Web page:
Alligator Snapping Turtle was an Estimated 150 Years Old
Newport Aquarium’s oldest, and one of its most iconic animals, died Tuesday afternoon. Thunder, the aquarium’s 150 lb. alligator snapping turtle, and a mainstay in the Canyon Falls exhibit, was estimated to be 150 years old. She was an original resident to the aquarium when it opened in 1999. A necropsy (animal autopsy) has been performed, but the cause of death will not be known for several weeks.
Thunder was discovered in a Louisiana seafood market in the late 1990’s when it was legal to take alligator snapping turtles from the wild for commerce. She was rescued because of her size, and sent to a Missouri farm where Newport Aquarium found her. At the aquarium, she spent most of her time in exhibits near Gator Alley and most recently in Canyon Falls.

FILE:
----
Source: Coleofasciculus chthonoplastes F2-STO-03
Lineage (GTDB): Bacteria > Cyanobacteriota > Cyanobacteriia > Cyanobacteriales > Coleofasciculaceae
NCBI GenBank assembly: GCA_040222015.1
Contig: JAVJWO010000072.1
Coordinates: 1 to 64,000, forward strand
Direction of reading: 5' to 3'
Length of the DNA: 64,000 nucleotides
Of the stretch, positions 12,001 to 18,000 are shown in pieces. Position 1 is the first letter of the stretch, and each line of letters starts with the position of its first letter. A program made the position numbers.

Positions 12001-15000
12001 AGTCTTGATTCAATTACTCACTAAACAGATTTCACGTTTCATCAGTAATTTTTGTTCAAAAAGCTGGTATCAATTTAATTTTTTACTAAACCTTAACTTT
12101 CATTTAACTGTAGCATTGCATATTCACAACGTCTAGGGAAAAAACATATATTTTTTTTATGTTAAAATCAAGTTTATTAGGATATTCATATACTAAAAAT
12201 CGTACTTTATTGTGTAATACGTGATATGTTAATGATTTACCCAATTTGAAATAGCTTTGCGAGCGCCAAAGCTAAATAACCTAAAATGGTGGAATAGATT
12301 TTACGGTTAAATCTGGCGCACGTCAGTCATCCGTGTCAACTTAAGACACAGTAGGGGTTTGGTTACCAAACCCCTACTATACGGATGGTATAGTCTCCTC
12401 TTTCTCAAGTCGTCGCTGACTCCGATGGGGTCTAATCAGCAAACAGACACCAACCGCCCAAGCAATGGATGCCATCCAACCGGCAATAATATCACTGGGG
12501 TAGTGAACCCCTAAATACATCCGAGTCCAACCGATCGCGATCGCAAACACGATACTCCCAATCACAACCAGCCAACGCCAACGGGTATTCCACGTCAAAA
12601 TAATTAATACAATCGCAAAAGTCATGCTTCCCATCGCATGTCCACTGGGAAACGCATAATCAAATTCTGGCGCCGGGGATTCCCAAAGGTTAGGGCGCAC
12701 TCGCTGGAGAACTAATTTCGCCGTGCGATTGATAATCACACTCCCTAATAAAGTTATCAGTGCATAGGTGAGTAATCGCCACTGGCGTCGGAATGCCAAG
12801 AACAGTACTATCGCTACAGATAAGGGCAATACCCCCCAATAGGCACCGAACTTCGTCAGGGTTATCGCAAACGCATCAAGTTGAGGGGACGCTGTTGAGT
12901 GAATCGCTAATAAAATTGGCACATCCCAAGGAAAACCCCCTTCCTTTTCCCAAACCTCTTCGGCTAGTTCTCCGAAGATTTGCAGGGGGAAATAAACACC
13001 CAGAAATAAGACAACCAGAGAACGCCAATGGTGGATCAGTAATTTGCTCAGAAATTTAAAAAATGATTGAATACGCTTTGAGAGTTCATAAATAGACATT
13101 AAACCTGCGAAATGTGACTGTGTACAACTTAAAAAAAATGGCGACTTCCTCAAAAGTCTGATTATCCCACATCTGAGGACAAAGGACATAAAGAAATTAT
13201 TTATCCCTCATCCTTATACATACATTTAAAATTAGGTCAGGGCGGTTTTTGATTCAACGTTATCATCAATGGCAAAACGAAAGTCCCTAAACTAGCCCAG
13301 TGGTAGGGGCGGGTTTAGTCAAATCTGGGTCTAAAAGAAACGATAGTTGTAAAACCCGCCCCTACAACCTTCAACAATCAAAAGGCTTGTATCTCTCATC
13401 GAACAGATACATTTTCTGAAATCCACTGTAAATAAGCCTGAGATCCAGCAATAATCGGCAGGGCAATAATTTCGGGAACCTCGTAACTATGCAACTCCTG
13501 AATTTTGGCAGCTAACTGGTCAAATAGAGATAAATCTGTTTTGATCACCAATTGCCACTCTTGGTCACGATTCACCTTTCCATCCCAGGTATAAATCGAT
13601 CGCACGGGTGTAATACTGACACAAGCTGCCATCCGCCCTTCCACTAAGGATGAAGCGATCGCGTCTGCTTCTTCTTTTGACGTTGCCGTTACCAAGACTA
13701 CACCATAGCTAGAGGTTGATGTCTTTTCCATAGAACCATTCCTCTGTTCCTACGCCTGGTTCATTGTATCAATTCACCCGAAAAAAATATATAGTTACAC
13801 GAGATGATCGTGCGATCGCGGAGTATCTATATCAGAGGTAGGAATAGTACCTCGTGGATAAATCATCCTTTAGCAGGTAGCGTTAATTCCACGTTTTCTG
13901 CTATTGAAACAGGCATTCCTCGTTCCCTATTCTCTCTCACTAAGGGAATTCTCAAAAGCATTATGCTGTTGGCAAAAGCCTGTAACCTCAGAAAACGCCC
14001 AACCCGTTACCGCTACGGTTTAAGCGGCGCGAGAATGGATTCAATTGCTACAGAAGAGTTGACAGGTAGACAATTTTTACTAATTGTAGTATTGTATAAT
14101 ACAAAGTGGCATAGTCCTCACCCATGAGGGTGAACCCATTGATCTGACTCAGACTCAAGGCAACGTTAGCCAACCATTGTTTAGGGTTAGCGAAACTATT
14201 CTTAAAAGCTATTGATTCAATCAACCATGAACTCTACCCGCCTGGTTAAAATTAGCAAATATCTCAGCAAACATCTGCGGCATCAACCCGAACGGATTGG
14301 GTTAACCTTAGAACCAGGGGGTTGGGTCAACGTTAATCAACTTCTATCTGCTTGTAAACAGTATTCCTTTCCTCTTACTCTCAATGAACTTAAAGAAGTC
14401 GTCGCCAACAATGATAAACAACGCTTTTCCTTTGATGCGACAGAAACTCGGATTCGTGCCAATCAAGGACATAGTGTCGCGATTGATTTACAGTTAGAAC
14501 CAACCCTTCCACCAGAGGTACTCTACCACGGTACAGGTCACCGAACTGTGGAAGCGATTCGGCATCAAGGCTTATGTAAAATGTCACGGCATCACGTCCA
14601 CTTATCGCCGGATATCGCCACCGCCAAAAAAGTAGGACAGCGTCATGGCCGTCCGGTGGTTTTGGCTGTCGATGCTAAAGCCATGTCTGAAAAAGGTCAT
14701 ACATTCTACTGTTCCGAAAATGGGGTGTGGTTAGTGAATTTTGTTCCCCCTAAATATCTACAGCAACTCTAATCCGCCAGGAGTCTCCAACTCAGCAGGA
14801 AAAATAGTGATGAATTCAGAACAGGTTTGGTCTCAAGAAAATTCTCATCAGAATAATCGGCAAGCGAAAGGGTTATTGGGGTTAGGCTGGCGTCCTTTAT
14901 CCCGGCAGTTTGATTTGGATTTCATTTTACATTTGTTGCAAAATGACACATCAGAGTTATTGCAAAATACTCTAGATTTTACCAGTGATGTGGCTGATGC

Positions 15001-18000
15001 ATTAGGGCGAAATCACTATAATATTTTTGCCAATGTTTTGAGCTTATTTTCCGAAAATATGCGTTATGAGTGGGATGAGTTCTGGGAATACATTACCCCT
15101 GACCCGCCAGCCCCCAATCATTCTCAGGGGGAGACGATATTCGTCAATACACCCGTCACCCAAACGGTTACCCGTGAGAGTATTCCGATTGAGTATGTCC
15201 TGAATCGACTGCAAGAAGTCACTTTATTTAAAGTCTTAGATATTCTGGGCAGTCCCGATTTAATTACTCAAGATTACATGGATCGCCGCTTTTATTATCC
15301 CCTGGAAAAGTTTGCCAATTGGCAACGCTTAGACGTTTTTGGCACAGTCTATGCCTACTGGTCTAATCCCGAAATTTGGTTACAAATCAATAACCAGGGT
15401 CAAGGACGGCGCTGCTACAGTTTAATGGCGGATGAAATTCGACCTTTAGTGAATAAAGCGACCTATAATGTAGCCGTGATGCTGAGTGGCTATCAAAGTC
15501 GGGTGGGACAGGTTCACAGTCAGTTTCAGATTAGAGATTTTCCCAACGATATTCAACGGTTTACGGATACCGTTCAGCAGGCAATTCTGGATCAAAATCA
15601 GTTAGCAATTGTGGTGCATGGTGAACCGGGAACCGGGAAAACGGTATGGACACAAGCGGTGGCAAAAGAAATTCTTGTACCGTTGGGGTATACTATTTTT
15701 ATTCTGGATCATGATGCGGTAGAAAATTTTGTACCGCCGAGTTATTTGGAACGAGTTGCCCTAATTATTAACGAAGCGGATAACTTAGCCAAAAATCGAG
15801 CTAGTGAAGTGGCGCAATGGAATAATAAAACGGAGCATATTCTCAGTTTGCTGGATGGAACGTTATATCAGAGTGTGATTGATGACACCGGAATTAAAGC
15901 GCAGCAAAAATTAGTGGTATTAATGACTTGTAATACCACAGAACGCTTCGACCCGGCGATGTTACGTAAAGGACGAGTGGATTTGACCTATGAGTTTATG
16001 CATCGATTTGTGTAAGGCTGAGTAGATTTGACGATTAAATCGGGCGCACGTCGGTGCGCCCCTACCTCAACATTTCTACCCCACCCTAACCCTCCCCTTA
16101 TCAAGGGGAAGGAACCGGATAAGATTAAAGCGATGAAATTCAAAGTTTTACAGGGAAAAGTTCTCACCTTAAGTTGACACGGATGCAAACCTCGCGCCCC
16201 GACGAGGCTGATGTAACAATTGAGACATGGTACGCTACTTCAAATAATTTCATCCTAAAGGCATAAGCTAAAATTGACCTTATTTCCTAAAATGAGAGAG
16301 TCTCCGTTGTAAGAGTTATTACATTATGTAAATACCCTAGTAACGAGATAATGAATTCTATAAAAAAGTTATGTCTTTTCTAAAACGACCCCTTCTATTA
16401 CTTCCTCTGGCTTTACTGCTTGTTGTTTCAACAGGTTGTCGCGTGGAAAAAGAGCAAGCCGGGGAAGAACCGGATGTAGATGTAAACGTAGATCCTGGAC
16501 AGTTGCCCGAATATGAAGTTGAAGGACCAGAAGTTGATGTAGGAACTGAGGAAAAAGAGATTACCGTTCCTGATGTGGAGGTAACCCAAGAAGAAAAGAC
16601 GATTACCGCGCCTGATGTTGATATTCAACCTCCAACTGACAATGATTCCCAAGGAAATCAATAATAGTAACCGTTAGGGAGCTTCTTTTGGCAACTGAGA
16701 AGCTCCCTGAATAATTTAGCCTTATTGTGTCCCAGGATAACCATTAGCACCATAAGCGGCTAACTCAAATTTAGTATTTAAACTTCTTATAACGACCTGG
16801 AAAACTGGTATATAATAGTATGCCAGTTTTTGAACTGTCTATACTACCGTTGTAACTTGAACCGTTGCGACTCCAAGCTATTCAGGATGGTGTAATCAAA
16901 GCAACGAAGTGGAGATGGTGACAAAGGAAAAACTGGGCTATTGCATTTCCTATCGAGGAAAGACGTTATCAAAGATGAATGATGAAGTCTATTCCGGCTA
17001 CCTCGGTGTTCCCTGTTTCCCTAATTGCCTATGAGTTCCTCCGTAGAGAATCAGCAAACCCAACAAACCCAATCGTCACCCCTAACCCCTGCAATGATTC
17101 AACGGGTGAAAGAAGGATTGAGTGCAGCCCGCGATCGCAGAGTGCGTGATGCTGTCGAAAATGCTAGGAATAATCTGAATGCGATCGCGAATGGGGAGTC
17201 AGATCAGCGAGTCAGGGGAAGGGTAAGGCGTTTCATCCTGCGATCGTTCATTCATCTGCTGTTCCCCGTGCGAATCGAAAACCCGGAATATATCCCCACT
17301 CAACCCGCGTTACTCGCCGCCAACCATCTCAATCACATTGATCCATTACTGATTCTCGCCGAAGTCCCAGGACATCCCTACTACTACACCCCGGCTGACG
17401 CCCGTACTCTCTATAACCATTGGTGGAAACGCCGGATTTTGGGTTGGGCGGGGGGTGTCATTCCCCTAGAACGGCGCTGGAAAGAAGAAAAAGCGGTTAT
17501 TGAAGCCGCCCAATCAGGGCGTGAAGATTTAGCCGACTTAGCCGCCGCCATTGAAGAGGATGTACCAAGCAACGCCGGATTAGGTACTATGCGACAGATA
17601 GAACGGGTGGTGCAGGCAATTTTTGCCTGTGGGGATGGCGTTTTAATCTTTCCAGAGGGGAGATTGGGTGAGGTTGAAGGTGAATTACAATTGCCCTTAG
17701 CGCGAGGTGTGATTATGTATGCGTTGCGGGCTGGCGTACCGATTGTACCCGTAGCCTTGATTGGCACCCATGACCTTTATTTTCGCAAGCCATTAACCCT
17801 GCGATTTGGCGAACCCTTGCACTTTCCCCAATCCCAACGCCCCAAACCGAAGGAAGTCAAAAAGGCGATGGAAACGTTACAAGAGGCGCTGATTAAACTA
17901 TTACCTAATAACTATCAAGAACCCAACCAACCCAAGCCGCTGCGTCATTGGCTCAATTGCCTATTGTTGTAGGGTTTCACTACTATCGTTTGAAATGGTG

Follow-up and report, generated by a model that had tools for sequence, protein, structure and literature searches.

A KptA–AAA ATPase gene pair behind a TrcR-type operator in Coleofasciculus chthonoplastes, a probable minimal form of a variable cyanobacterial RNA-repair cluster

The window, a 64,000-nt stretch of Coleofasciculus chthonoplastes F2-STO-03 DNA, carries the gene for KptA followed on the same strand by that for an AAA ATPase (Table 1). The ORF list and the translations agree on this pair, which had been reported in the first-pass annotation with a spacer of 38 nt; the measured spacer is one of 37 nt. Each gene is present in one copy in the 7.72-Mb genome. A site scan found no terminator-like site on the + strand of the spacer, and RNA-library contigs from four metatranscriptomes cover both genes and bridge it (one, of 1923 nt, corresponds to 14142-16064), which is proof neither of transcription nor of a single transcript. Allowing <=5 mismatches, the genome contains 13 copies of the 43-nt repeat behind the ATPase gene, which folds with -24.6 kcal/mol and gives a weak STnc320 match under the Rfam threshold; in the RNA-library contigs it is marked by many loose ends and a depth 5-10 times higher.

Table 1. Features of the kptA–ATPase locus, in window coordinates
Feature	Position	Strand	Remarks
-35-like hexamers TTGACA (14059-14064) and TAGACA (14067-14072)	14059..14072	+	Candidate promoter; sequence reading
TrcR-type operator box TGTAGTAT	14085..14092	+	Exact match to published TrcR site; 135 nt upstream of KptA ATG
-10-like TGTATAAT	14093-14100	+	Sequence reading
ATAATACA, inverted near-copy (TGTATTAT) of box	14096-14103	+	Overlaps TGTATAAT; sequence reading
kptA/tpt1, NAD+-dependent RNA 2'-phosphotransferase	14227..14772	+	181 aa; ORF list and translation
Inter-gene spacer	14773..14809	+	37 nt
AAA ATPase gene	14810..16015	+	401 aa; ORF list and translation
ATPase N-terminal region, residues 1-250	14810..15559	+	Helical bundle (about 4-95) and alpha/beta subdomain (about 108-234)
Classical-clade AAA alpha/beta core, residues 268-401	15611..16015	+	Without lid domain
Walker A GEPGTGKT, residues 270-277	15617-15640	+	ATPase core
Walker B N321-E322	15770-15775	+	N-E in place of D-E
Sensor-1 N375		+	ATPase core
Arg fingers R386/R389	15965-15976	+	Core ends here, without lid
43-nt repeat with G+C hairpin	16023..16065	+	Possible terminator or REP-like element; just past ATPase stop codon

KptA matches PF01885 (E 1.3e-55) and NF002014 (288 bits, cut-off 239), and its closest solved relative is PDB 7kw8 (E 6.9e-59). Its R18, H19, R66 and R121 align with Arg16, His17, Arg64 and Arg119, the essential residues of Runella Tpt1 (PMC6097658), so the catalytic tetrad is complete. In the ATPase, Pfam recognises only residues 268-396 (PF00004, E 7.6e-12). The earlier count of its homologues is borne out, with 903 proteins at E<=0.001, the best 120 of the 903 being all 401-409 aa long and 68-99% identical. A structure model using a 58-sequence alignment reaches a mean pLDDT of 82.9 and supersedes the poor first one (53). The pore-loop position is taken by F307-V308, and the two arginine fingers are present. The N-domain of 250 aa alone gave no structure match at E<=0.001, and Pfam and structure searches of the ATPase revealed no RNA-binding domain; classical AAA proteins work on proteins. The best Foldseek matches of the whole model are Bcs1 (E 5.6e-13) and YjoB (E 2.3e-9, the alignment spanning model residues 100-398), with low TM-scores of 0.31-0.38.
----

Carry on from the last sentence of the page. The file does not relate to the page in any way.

In an e-mail to cast members, the aquarium’s Executive Director, Eric Rose said, “While Thunder was here, thousands of cast members and millions of guests have enjoyed and connected with her, including myself and I’m sure nearly all of you.”
Watch Thunder Swimming in Her Canyon Falls Exhibit
The Alligator Snapping Turtle is given its name because of its powerful jaws and long, spring-like neck. Its distinct ridges on the shell are similar to the rough, ridged skin of an alligator. It is found primarily in the southeastern United States. They are opportunistic feeders, almost entirely carnivorous, relying on fish they catch by wiggling a piece of pink skin on their tongue that looks like a worm. They also feed on dead organisms they scavenge.
Here are photos of Thunder in her Canyon Falls exhibit
Please join us in remembering Thunder and the millions of smiles she’s brought to us over the last 17 years. Was your smile one of those? Share your memory in the comments section below.